Please help me. My grandfather left my brother and I property in our home town. Although we were young when his Will was read, my grandmother lived much longer, and she took us to see the property. Now that we are old enough to use the property, we discovered one of my uncles has since occupied it. All attempts by my dad and other uncles to reason with him have been futile. Since there was a Will, there must be something we can do. How can we reclaim the property? My brother and I intend to start a farm there.
You are quite fortunate to have had a grandfather who cared for you enough to leave you something substantial. And your desire to invest in agriculture is also very admirable. Consider this situation a little hurdle on your way to achieving your dreams.
According to your story, your grandfather had written a Will leaving you and your brother his property. Whenever an individual writes a Will, one of the most important questions one must ask is, “who would be responsible and trustworthy enough to carry out my wishes when I pass?”. The individuals appointed to carry out these wishes are called the “Executors” to the Will.
Once a person dies and his Will has been read, the Executors must file for a probate grant at the probate court. Probate refers to the legal process of validating a Will. Once the grant is received, this unlocks the assets and distribution can commence. Because the executors have several responsibilities and can be held personally responsible if they are not properly carried out, it is important to carefully consider appointing executors who are trustworthy and capable of carrying out the sometimes-complicated processes.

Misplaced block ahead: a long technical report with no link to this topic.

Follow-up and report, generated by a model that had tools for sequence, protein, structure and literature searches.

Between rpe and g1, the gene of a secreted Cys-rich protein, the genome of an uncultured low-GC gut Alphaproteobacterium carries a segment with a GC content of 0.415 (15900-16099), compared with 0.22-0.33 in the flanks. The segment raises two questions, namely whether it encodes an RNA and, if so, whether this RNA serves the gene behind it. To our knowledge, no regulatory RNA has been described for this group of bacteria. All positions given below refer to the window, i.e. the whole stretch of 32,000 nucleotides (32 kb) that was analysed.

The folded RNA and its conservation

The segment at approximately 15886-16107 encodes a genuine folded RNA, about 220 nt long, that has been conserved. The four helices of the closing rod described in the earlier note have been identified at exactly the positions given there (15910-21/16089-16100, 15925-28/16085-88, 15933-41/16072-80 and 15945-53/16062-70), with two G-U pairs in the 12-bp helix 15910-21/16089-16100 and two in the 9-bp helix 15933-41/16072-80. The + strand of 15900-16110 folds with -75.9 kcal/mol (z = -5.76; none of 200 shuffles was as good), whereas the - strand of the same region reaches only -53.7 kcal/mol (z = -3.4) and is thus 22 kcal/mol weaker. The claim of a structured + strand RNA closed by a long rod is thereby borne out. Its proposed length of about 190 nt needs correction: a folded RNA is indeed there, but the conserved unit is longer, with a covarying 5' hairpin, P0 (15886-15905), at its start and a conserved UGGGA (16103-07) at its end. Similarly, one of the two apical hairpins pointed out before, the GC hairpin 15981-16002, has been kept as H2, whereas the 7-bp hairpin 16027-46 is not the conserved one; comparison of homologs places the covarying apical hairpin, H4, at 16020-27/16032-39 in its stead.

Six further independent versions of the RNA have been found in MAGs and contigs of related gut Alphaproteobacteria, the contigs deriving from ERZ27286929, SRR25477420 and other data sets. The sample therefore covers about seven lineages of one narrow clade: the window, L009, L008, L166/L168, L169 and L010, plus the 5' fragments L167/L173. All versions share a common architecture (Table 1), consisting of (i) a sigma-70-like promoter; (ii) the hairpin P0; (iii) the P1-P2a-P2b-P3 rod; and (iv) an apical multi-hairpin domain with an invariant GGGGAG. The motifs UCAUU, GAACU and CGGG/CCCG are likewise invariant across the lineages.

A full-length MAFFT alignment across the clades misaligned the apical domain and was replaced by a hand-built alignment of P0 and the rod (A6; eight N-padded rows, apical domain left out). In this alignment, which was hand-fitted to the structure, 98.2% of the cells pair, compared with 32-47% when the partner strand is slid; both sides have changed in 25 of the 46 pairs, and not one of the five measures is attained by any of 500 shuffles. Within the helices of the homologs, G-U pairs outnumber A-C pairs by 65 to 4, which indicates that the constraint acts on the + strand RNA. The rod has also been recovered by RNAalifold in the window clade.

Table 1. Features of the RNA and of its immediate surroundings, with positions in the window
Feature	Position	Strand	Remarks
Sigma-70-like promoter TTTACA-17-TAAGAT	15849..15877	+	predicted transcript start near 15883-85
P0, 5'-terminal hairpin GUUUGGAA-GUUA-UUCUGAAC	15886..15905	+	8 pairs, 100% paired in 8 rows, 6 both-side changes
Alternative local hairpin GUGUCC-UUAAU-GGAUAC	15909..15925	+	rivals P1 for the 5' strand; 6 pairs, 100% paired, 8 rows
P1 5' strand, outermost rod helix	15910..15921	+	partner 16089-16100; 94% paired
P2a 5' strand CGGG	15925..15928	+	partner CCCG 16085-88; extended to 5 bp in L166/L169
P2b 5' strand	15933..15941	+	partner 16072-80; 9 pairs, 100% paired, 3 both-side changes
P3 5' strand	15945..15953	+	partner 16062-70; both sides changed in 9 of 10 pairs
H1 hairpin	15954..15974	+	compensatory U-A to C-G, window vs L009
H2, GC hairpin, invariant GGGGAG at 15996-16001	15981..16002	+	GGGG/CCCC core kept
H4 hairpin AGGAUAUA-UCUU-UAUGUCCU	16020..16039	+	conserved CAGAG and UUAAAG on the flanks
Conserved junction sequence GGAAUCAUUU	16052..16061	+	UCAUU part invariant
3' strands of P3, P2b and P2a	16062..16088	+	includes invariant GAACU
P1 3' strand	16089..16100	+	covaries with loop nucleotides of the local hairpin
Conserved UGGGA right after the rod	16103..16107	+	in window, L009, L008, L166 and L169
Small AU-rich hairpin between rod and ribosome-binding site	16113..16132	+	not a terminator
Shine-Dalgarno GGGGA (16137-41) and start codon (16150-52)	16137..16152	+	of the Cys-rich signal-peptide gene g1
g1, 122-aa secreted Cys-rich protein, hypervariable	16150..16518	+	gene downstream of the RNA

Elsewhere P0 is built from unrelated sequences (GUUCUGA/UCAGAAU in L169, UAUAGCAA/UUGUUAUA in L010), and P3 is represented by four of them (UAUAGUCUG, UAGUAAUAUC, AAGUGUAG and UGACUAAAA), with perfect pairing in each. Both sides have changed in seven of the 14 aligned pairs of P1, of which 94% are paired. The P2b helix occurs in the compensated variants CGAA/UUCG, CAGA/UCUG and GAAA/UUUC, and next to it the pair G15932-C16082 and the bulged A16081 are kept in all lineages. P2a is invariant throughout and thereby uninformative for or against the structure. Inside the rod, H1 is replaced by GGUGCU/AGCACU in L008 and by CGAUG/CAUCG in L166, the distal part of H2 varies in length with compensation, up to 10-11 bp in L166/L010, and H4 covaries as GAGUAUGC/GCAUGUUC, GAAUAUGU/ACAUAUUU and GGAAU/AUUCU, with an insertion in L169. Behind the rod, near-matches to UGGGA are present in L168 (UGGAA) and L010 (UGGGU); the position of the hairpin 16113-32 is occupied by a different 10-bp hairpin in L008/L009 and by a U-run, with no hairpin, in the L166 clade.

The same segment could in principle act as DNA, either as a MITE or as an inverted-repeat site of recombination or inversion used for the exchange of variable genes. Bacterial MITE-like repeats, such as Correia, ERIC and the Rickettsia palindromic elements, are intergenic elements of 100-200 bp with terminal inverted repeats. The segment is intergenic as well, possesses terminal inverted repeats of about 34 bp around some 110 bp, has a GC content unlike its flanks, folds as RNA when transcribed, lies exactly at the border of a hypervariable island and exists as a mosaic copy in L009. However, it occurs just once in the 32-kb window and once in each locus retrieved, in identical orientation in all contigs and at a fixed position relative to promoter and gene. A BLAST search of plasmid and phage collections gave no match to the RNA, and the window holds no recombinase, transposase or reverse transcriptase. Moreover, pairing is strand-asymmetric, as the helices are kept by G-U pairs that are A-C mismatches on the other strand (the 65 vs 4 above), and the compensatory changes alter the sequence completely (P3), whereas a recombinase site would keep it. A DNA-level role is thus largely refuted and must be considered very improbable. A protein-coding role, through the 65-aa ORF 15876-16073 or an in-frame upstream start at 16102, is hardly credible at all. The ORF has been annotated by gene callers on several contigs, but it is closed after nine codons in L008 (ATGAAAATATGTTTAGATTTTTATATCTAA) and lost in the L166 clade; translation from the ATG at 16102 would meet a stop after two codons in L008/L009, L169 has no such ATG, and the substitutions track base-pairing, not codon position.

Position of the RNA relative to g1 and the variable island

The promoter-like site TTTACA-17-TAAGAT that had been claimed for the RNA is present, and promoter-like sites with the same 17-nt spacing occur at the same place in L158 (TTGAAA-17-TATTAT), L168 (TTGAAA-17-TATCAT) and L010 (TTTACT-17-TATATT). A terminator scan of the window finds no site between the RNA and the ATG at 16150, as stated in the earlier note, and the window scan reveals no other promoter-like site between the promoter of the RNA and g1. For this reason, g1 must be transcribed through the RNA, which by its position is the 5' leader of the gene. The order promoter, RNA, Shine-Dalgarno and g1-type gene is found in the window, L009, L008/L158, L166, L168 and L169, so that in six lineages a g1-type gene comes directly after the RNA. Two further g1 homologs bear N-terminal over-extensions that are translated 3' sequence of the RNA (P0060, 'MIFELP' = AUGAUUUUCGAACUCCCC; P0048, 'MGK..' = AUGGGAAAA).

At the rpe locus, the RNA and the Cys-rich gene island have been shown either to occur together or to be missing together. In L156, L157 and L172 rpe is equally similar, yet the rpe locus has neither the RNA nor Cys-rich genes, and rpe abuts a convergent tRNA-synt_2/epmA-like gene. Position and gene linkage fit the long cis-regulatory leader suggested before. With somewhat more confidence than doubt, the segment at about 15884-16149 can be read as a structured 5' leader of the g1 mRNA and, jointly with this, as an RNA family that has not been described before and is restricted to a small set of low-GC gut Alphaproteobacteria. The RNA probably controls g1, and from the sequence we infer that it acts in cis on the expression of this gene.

Surely, your grandfather appointed executors to his Will. Some questions may likely arise:
1. Are the executors still living?
2. Did they carry out and successfully complete the probate process?
If the answers to the above questions are positive, the first step to reclaiming your rightful property would be to urge the executors to effectively discharge their responsibilities to your grandfather by executing a vesting assent, a document in which the transfer of title to you and your brother would be effected and documented. You may then proceed to register the vesting assent at the land’s registry in the State where the property is located as proof of your title to the land. Once you hold title, you may subsequently evict your uncle from the property by a suit at the court of law.
I would however, counsel that prior to effecting an eviction, please try to use all non-formal means possible for reaching an amicable resolution for your uncle to vacate the property. This may ensure that relationships amongst your family members remains warm and cordial.
My best wishes to you and your brother as you start your farm.